Barry Levine and Monique El-Faizy, authors of “All the President’s Women,” feel they have more than enough evidence to label Donald Trump as a “predator” based on the 67 different accusations of inappropriate behavior — 26 of which include unwanted sexual behavior — documented in their new book.
But in an interview with The Wrap, Levine and El-Faizy said they were also troubled by the response — or lack thereof — their book has received from major media outlets and the White House itself.
“Part of the problem with that is when you don’t look at it, when you just kind of accept it or brush it off,” El-Faizy said, “you’re saying, ‘Oh, that’s not important, it’s OK,’ and it’s normalizing that behavior. That’s a dangerous thing.”
“All the President’s Women” chronicles the history of Trump’s behavior with and toward the women in his life, including new accusations of misconduct by the president. Beginning from his childhood to his presidency, the authors and journalists documented 41 different accusations of inappropriate behavior, including the ogling of young models and lewd comments directed toward specific women, and 26 accusations of unwanted sexual behavior, including unwanted kissing, groping, and two allegations of rape.
The White House, meanwhile, has brushed off the accusations: “That book is trash and those accusations from 20 years ago have been addressed many times,” White House press secretary Stephanie Grisham said in a statement to Business Insider. (Grisham did not respond to a request for comment from The Wrap.)
Indeed, most of the serious accusations against Trump included in the book have been reported before in various different outlets. But for the new reporting — which includes the account of one woman who said that Trump, true to his “Access Hollywood” bragging, grabbed her by her genitals and kissed her without her consent in the early 2000s — the lack of response from the White House demonstrates how unsurprising, how normal it has become to hear accusations that the president kissed multiple women without their consent; groped numerous women, including putting his hands up a woman’s skirt to touch her genitals; had sex with adult film actresses and paid for their silence; barged into dressing rooms to ogle teenage girls and see them naked; and sexually assaulted a woman in Bergdorf Goodman’s.
Trump has denied these accusations and has, for the last example, argued that he couldn’t have committed the act because the woman was “not [his] type.” The accuser, columnist E. Jean Carroll, sued Trump on Monday for defamation and “on behalf of every woman who has ever been harassed, assaulted, silenced, or spoken up only to be shamed, fired, ridiculed and belittled.”
Levine said he hoped the numerous accusations wouldn’t get buried in the public consciousness and that other journalists would continue to report on Trump’s behavior leading up to the 2020 election.
“It is also troubling to me that the mainstream media has just kind of accepted that response and are not willing to probe further at this point,” Levine said. “I realize there’s a lot going on in Washington right now with the impeachment inquiry, but to me, this is extremely important that we stay focused on this.”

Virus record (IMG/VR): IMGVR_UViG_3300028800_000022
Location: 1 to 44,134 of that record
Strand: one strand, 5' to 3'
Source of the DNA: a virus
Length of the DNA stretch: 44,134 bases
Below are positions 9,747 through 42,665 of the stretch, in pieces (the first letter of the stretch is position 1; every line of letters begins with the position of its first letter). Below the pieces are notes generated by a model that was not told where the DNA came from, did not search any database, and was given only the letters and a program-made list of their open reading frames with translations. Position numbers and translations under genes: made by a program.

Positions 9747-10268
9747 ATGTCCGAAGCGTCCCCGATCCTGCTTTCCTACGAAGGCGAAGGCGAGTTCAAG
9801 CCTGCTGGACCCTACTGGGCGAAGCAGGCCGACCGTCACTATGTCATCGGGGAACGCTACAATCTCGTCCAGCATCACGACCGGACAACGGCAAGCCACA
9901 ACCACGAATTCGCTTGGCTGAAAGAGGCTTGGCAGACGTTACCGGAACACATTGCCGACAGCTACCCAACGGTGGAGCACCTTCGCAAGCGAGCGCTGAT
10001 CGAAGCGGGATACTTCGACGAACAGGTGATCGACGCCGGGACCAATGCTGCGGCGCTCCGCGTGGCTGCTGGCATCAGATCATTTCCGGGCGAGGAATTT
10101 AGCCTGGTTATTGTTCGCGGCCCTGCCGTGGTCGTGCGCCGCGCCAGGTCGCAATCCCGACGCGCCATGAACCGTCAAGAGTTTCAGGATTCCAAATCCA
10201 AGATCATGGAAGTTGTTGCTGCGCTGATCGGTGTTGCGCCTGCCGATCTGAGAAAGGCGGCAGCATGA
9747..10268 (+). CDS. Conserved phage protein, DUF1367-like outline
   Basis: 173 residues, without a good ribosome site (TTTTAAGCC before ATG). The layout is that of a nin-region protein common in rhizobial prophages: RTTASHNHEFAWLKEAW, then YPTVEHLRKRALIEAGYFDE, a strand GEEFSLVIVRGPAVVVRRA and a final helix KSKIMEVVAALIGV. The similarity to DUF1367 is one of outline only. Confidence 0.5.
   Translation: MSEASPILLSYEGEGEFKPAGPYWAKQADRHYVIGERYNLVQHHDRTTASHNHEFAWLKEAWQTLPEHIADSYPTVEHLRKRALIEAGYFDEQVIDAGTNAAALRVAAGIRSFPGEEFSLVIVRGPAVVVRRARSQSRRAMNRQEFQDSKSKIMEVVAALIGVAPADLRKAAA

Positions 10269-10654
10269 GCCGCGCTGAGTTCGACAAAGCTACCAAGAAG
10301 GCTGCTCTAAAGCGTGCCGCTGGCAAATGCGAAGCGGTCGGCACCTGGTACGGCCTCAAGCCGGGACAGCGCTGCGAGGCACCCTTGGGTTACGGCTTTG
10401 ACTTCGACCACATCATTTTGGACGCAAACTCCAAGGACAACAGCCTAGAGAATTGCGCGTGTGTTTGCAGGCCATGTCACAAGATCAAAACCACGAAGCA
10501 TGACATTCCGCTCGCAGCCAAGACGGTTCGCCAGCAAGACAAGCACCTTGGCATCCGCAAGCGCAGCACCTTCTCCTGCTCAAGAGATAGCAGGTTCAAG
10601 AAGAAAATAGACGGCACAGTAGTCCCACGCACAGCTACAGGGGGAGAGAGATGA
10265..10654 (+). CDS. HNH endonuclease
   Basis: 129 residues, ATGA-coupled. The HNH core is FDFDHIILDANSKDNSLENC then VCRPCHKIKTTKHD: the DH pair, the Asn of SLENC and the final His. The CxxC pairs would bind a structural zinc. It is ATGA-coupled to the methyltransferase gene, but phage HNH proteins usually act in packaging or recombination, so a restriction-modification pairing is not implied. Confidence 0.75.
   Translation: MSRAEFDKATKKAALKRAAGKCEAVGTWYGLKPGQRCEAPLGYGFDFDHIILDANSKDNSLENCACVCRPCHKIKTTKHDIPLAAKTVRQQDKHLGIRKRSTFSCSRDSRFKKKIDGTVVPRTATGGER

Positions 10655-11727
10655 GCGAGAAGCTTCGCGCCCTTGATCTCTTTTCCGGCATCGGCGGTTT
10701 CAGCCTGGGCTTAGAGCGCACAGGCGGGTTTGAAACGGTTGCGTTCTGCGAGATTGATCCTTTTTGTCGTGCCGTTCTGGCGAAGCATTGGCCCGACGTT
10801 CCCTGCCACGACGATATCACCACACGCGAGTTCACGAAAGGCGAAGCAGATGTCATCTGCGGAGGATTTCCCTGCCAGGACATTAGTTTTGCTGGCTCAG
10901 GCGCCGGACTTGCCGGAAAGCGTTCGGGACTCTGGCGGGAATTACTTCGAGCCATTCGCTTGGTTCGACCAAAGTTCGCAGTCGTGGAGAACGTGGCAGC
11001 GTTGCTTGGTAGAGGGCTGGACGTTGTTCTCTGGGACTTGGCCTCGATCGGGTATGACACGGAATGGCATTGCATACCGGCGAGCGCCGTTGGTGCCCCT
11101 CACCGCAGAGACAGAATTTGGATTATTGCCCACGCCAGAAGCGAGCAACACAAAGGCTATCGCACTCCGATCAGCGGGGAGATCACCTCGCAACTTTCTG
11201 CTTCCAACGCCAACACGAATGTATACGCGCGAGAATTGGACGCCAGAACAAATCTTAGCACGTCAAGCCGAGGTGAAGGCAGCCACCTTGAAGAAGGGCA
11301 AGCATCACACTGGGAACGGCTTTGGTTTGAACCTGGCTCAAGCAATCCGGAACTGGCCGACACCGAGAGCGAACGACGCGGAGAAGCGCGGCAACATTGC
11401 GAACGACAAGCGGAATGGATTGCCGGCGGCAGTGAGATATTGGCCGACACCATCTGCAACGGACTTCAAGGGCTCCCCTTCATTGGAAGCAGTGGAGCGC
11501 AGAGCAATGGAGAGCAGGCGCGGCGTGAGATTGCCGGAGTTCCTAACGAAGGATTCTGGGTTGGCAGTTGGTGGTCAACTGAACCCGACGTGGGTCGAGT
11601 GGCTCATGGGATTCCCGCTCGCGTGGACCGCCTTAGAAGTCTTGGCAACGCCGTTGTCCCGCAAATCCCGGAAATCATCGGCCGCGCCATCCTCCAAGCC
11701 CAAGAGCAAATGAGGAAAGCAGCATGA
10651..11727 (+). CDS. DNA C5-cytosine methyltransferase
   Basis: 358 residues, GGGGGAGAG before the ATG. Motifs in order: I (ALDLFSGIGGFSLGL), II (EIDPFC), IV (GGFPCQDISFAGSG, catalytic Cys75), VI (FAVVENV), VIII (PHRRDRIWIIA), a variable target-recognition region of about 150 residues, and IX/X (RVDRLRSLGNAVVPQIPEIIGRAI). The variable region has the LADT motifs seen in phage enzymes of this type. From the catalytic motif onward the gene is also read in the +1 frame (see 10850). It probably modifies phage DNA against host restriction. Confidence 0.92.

Levine may be an odd position given his past as the former executive editor of The National Enquirer — a tabloid that largely helped build Trump’s celebrity image and has been accused of burying negative Trump stories during the 2016 election. When asked how the investigation for the book might have led him to reevaluate his involvement in the Trump story via the Enquirer, Levine declined to comment.
“It’s my own personal policy not to discuss any jobs I’ve had in my 40-year career, so I don’t want to talk specifically about that time,” he said, adding that he had no plans to write about Trump’s ties to Enquirer parent company AMI CEO David Pecker and chief content officer Dylan Howard — details that are also conspicuously omitted in the book.
“My intention was never to get involved in any of that, because all of that had been out in newspapers and media and so forth. My intention was seeing if I could find new allegations of inappropriate behavior, and also add to the catalog of the women, the accusers who came out in 2016, to see if we can expand on that and also go back to them in terms of determining how their life changed since that period of time,” Levine said. “I’m satisfied that I’ve done that.”
El-Faizy said that aside from continued reporting into the accusations, the media should consider how Trump’s views toward women may have shaped the way his administration has implemented policies that directly impact women, such as the cutting of funding to Planned Parenthood.
“It really trickles down all the way through the administration, and he’s made some very dangerous changes that affect women very negatively,” El-Faizy said.
But when it comes to Levine and El-Faizy’s book, perhaps the power of “All the President’s Women” may best be summed up on page 250. In an appendix titled “All the President’s Women A to Z,” the authors list, one by one, each accusation of improper behavior against Trump. It’s 56 pages long.